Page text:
Read November 2019 Recommended for fantasy/sci-fi fans ★ ★ ★
Here’s what happened: “Welcome to the Medical Clinic…” is awesome enough that I thought I should stop reading it for free and decided to buy it’s home issue. The sci-fi stories were good to great (bonus Bodard story!) and the ‘fantasy’ stories were pretty close to lame. I’d say most of the ‘fantasy’ felt more like ‘horror’ genre over fantasy. All four/five seemed very focused on some version of male sexuality (coming of age, being fascinated by a woman). Started with a bang, ended with a fizzle. I can see why they would need to do special issues on Women in Fantasy.
Welcome to the Medical Clinic at the Interplanetary Relay Station /Hours Since the Last Patient Death: 0 by Caroline M. Yoachim
–competely hysterical send off of choose-your-own-adventure books, wry/cynical medical version. 5 stars
The Mars Convention by Timons Esaias
-Interesting. Convention of alien anthropologists, scientists and enthusiasts meeting to discuss the Earth cannon. Explores the meta significance of objects and culture in an obvious convention analogy. Somewhat profound. 4 stars.
RedKing by Craig DeLancey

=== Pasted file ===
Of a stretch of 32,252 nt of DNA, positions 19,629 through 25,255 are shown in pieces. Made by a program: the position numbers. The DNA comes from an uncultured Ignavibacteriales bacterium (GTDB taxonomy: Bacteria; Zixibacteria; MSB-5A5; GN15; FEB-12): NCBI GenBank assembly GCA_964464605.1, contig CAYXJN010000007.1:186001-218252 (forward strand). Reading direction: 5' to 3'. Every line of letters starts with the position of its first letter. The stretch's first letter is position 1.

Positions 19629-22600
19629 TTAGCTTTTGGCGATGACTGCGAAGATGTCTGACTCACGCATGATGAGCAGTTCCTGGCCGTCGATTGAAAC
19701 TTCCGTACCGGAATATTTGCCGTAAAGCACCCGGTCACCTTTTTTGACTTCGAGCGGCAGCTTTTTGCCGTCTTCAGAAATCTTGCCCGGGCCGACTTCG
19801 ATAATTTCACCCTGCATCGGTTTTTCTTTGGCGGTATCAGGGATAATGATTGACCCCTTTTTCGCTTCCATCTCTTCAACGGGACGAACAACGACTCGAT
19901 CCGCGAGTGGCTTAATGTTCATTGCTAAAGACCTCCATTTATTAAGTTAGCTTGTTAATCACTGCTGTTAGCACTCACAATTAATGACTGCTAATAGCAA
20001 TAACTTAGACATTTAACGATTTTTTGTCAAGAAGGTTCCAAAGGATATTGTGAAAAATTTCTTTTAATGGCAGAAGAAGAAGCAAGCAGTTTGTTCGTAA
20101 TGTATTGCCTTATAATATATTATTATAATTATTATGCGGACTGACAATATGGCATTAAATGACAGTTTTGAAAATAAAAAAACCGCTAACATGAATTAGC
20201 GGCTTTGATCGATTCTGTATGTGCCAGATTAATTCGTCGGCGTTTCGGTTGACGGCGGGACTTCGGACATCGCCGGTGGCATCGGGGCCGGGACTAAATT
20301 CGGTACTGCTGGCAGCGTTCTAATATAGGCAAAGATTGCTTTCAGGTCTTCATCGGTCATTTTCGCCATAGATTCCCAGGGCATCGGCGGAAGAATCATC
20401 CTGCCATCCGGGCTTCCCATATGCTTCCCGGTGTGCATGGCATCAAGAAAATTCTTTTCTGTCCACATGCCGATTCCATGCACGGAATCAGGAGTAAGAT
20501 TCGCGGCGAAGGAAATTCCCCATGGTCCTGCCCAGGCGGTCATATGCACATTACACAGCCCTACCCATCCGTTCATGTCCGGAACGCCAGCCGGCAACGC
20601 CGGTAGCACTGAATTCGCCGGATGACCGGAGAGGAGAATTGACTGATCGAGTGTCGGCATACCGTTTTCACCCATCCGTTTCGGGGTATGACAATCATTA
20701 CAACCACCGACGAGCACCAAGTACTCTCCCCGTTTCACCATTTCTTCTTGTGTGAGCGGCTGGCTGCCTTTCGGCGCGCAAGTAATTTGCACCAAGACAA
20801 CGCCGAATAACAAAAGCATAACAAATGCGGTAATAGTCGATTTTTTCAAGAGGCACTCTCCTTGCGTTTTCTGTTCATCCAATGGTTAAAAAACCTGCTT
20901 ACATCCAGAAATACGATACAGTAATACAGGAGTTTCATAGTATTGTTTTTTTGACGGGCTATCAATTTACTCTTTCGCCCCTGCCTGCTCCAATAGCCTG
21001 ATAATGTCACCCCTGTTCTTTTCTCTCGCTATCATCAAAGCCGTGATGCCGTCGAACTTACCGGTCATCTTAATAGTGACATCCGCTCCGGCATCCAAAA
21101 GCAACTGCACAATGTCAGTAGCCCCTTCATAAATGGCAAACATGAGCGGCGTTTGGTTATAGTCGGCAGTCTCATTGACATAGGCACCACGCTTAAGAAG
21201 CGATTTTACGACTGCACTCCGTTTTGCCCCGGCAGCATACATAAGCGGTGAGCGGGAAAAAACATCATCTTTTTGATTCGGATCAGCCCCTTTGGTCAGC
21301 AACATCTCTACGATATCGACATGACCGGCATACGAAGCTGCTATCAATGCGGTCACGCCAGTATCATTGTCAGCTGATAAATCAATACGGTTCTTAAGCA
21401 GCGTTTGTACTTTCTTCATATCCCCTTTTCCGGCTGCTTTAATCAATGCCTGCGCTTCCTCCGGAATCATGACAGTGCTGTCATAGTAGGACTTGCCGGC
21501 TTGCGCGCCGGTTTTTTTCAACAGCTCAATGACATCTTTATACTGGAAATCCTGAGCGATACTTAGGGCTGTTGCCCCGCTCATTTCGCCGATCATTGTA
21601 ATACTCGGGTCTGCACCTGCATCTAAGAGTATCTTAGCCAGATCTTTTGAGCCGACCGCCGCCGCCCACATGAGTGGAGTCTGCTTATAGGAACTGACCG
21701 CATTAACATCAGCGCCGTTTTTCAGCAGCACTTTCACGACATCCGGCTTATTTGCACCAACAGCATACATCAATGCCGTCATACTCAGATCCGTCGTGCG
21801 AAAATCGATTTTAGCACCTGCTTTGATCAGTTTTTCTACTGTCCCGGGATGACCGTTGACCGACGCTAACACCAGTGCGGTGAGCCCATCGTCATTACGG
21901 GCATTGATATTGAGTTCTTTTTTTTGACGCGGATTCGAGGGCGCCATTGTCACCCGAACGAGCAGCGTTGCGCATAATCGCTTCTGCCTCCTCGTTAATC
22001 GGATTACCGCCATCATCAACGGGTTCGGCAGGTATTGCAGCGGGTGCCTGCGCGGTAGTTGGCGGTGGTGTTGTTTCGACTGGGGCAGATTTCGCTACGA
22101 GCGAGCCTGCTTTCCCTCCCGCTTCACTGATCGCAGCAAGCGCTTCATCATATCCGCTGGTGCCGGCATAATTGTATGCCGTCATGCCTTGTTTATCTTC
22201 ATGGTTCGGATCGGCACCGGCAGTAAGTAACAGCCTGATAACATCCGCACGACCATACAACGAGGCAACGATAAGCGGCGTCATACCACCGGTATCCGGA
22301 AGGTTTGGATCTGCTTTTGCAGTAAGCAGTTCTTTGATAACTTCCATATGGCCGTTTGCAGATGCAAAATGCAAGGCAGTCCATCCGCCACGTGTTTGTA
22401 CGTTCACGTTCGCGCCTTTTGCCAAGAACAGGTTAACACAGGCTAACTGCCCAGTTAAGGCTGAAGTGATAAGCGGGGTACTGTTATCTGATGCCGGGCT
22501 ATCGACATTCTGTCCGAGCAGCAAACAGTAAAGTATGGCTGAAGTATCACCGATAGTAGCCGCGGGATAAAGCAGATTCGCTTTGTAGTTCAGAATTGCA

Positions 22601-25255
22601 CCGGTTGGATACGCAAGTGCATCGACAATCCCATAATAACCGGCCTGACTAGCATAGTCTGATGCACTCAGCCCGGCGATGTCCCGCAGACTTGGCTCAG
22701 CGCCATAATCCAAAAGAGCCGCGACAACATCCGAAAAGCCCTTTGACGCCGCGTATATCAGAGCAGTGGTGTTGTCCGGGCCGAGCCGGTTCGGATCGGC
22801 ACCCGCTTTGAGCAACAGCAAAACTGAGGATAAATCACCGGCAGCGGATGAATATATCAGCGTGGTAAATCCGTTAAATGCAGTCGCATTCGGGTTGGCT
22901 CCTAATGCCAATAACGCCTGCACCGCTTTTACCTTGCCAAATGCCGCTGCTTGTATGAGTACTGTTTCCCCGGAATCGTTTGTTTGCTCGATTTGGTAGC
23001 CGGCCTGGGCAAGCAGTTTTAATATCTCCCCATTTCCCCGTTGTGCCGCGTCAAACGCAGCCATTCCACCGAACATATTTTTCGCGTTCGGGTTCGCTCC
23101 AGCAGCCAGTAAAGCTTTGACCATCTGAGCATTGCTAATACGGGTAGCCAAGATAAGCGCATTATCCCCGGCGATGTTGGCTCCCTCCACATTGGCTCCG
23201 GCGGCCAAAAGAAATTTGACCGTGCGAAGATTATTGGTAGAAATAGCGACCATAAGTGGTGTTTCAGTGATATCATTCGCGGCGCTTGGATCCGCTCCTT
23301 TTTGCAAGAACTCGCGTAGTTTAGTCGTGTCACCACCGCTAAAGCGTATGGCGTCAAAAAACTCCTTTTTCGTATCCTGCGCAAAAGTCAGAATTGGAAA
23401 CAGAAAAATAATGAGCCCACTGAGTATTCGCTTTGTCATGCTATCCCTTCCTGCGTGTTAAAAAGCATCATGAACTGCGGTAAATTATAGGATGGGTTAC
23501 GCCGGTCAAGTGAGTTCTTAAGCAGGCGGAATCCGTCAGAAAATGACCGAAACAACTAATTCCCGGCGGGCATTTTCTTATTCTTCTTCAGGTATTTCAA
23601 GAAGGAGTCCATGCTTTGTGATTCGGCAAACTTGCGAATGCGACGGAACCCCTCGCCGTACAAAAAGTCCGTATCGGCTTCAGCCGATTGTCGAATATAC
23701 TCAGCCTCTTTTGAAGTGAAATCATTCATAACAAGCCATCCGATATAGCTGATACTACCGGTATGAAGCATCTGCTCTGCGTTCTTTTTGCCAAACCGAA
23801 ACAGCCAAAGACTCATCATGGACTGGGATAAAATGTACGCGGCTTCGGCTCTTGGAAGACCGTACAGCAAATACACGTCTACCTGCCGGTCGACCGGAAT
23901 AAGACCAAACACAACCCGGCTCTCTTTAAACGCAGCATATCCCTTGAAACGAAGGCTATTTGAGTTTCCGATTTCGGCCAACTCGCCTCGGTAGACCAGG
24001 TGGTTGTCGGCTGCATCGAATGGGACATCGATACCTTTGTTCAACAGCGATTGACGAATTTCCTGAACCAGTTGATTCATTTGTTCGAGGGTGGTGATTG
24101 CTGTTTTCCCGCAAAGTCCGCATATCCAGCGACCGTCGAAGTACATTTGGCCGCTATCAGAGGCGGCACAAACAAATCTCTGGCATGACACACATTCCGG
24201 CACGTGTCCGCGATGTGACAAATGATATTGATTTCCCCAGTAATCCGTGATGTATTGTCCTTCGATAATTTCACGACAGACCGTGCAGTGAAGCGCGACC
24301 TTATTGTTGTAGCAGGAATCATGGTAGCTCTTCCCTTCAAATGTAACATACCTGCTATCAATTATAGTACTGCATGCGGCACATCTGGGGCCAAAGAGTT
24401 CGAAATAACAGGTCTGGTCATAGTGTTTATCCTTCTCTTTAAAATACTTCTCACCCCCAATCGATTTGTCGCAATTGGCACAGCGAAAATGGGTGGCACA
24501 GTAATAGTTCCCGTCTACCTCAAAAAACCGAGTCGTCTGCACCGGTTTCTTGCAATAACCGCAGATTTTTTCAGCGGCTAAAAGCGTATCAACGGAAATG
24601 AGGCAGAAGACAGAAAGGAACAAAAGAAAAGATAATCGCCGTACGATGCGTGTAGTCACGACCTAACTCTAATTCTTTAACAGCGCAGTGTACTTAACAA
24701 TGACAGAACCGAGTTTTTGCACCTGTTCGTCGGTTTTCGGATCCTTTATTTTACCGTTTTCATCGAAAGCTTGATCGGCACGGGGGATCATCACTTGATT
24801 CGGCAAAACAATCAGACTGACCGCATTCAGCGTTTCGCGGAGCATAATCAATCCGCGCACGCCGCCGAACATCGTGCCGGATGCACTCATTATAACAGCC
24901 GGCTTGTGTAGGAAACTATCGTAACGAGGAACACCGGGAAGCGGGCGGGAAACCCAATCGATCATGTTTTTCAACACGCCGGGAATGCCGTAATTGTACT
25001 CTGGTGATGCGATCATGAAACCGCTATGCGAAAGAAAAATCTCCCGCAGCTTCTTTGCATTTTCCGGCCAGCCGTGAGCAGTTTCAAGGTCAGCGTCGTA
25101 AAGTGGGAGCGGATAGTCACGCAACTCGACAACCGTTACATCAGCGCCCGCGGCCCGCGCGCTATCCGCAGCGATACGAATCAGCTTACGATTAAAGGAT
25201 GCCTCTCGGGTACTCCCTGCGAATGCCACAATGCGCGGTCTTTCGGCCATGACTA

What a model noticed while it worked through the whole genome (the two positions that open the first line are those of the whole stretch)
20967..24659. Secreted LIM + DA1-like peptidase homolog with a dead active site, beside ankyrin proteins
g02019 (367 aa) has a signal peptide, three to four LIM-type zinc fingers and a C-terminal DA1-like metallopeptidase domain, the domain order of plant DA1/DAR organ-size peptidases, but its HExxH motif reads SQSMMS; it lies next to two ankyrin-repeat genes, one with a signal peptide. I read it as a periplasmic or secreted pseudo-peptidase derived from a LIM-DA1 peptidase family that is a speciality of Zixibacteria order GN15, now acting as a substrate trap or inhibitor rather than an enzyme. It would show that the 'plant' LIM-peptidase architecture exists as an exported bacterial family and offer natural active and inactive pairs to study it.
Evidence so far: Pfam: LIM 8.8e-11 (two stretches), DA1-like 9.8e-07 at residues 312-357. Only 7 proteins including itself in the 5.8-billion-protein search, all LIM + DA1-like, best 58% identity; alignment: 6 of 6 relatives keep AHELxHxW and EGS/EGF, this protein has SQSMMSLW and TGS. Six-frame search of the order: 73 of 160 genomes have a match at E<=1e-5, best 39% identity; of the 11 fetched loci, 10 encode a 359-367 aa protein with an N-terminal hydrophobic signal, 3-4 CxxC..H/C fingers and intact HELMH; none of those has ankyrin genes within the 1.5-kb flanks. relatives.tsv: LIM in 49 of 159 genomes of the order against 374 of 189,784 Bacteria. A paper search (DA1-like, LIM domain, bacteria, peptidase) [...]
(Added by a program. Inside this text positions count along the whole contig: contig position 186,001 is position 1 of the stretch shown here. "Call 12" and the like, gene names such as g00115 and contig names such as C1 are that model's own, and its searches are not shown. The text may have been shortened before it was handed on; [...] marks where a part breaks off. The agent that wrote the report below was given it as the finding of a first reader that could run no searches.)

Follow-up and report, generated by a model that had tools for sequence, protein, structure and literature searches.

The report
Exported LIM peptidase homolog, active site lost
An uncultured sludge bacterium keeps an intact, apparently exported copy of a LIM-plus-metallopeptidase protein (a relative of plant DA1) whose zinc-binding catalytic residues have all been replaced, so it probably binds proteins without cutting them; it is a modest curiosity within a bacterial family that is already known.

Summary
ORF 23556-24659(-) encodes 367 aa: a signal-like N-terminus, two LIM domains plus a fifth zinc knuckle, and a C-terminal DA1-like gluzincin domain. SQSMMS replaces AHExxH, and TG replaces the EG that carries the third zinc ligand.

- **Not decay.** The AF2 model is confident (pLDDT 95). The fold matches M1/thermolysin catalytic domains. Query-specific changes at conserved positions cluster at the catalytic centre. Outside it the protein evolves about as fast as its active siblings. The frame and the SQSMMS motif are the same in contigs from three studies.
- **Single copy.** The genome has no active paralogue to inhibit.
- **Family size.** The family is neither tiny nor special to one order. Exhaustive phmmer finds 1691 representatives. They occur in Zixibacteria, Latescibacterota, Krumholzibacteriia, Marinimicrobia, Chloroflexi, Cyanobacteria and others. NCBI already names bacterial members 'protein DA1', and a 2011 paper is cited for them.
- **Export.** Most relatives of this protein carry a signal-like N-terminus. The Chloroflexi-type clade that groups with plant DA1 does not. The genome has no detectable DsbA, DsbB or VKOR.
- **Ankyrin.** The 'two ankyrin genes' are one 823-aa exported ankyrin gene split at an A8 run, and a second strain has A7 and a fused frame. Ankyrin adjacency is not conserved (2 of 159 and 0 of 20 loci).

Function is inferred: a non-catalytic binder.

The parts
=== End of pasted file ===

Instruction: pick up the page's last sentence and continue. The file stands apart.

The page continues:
-Cyberhack/cyberpunk sci-fi where a computer hacker who works with the police helps them with a hacker releasing the RedKing virus, responsible for a number of suicides and homicides. A touch incomprehensible at times with computer babble, nonetheless good. 4 stars.
The Waiting Stars by Aliette de Bodard
-a parallel story about a women who grew up in an orphanage “saved from the squalor and danger among the savages and brought forward into the light of civilisation” and a Vietnamese woman and her cousin who set off on a mission to rescue her great-aunt–and ship-mind–from the Outsiders’ derelict graveyard. 5 stars.
The Premature Burials by Andy Duncan
-eh. Horror more than fantasy, with a definite feeling of Sexy Poe. (Yep, that’s a “Ew.”). Competent, but not to my taste. 2 stars.
Sparks Fly by Rich Larson
-A guy who has an ostracized condition, ‘sparks’ meets a fabulous girl. Not really fantasy as much as magical realism, wish-fulfillment version. Meh. Would have been more interesting if it was about the world, not about the character’s own insecurities getting together with a girl. 2.5 stars
Rat-Catcher by Seanan McGuire
-As always, McGuire does much more interesting with shorts. 4 stars.
Michael Doesn’t Hate His Mother by Marie Vibbert.
-Horror-fiction. 3 stars.
Millers Wife by Mark W. Tiedemann
-John Irving does small-town creepy. Weird sex-female stuff, woman-as-fertility and all that crap. Lame and eye-rolling. I can’t believe Adams thought this worth publishing. 1 star.
Shift by Hugh Howey: skipped
Movie Review: Deadpool; Book Reviews: March 2016; Interview: Chuck Wendig and Alexandra Bracken (Guide to the New Star Wars Canon): skipped.
Caroline M. Yoachim, Andy Duncan, Timons Esaias, Rich Larson, Craig Delancey, Seanan McGuire, Aliette de Bodard, Marie Vibbert, Mark W. Tiedemann. Interesting depending on the author and interviewer. Bodard’s was insightful.
Miscellany: Coming Attractions, Stay Connected, Subscriptions and Ebooks, About the Lightspeed Team, Also Edited by John Joseph Adams. Glanced at it.